Many dishes served for the Chinese New Year dinner have ingredients with auspicious meanings or symbolism. The Chinese word for fish sounds like abundance. Spring rolls look like gold bars and kumquats resemble gold coins. Green vegetables suggest growth in business. Noodles symbolize long life.

taro abacus beadsI also included photos of Hakka new year specialties such as Taro Abacus Beads (芋 頭 算 盤 子 Hakka: wu tiuh sun pan jue) that I tasted in Malaysia and Singapore. These chewy disks made from mashed taro and tapioca flour are shaped to resemble the counting beads on a Chinese abacus. Boiled and stir-fried they likely represent wealth. In Hong Kong, the popular multi-course banquet layered in a wash basin known as Basin Feast (盆 萊 Hakka: puhn choi) represents unity.

Last year I conducted an informal survey in Facebook Hakka groups and found many people serve humble family favorites such as Steamed Minced Pork with Egg or steamed fish. Others opt for more labor intensive Hakka specialties such as Pork Belly with Preserved Mustard Green (扣 肉 梅 菜 Hakka: kiu ngiuk moi choi).

I am still planning my menu.  What are you cooking for Chinese New Year Dinner?

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The second Hakka cooking party

A couple of years ago, my high school friend Karen suggested we organize a cooking party around The Hakka Cookbook. We had such a good time she wanted to repeat it again. I suggested we try different recipes this time.

I planned a menu with six recipes trying to choose ones that would not suffer when cooked in a larger quantity. I suggested each cook claim one recipe and bring it to the party ready-to-eat or completely prepped and ready to cook. In this organized potluck, the work and expenses are shared which makes it much less stressful for the host.

We numbered thirteen. The men opted out of the cooking and were happy to drink beer and socialize outside. The six women, longtime childhood friends, gathered in the kitchen to catch up, laugh, and get the meal on the table. Since we served two dishes at a time, usually only two people were at the stove, while others watched and learned.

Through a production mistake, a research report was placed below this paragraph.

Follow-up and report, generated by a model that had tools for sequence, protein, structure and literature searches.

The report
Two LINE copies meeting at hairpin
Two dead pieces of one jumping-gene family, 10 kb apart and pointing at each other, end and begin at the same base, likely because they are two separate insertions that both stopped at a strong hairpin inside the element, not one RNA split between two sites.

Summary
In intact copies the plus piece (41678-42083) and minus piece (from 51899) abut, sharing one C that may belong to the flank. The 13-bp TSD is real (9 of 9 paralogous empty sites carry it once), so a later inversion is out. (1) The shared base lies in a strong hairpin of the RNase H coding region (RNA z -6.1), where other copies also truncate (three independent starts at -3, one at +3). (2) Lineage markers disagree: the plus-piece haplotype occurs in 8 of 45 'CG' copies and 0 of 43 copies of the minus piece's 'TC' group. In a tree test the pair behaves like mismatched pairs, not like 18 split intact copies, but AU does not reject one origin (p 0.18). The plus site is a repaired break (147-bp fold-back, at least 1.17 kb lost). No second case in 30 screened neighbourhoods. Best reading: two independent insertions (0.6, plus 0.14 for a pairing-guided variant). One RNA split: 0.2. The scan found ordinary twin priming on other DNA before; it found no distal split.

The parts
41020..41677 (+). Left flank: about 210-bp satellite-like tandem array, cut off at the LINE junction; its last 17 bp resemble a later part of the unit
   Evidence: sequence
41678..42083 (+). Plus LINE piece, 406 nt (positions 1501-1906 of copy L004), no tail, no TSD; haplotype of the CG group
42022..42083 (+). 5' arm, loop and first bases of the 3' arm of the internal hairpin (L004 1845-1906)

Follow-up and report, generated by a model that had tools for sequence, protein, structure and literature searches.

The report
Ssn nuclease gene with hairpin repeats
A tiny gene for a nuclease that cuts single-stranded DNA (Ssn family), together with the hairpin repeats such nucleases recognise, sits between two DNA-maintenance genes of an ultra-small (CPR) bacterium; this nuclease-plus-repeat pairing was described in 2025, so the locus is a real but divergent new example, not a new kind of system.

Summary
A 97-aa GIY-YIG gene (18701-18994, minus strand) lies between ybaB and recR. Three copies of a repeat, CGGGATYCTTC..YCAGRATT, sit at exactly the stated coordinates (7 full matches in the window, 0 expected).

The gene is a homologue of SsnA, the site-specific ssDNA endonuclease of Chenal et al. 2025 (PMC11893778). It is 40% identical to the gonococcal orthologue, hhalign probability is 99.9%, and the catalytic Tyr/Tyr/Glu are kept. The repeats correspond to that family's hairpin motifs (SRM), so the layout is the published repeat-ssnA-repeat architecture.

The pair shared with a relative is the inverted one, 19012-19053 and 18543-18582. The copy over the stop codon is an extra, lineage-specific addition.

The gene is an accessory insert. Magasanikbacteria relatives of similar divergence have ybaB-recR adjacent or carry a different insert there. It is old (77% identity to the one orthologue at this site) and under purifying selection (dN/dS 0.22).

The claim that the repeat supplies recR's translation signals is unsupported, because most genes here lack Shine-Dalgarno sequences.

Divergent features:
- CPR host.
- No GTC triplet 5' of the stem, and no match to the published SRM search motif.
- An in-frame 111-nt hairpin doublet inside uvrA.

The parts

Our crew cooked and ate the meal at a leisurely pace in three courses, serving two dishes at a time, buffet style. We spent the whole afternoon cooking, talking, and eating. It’s an easy party plan to duplicate for your own Hakka cooking party. This party also pushes you to explore the cookbook more deeply. Enjoy—cook, learn, and eat!

First courses:

Ruby and Chicken MorselsSoy Glazed Chicken Morsels (p. 199). Ruby doubled the recipe, cooking it in two batches at home, shortly before the party. She served the chicken at room temperature over a bed of lettuce. The chicken can also be served hot.

Mustard Green and Pork Soup (p. 26) Nancy brought a double batch of the broth with the pork. Shortly before serving, she reheated the broth and added the cut-up mustard greens.

Second courses:Phyllis and Shrimp

Poached Shrimp and Ginger Broth (p. 103) Phyllis brought a double portion of shrimp and seasonings. Once the water boiled, it only took minutes to cook the shrimp.

Barbara with Squash and Peas

 

 

 

 

Ginger Scented Squash and Peas (p. 52) Barbara pan-steamed a double portion of this colorful vegetable medley in my 14-inch wok. She used shallots instead of lily bulbs.

Third courses:Melanee and Spinach

Steamed Black Bean Pork (p. 165) The day before I cooked a double batch of this recipe and chilled it overnight. The next day, I reheated the two bowls in my stacked steamer.

Spinach and Peanuts (p. 56) Mel stir-fried two double batches of spinach just before serving.

Hot Rice

Potluck Desserts

Wine, Beer, Hot Tea, and  Sparkling Wine and Water

 

 

 

 

Indo-Chinese fusion cuisine

Cumin BeefLast night I made one of my husband’s favorite recipes in The Hakka Cookbook, Stir-fried Cumin Beef (page 183). This recipe is a delicious example of creations from Hakka chefs from India. They invented a cuisine that merges Chinese techniques and ingredients with Indian spices. The result is fiery fusion that appeals to their Indian customers and made Chinese food so popular in India. Although it is not traditional Chinese Hakka food, I love the vivid, bold, spicy flavors.

The editor of Flavor and Fortune, Jacqueline Newman, first introduced me to this exciting cuisine at Tangra Masala, a restaurant owned by the Lo family in Elmhurst, New York. The flavors exploded in my mouth.

Later in the Toronto area of Canada, I discovered a large community of Hakka. Many of the chefs from India owned restaurants serving this Indo-Chinese fusion cuisine. Anthony Lin, owner/chef of the Danforth Dragon shared some of his recipes with me. I often make his cumin beef. Stir-fry thin beef strips and season with soy sauce, onion, garlic, ginger, and lots of spice, including cumin seeds and three forms of chile: chopped fresh chiles, dried chile flakes, and chile sauce. It is dry stir-fry without sauce, just lots of seasonings clinging to the meat.

For specifics follow the recipe on page 183 of The Hakka Cookbook. Or create your own version, tailoring the spice and heat level to your taste. Once I added slivers of red bell pepper to my cumin beef which added a shot of bright color. You can substitute chicken thigh for the beef.  Eat with lots of rice. Enjoy this culinary merger created by the Hakka chefs from India. You will love it!

 

What’s cooking for Chinese New Year

Basin Feast (Puhn Choi)Khiung Hee Fat Choy! (Hakka dialect) May you have a prosperous New Year!  Chinese New Year arrives January 31 and families will gather for a special meal over the next two weeks.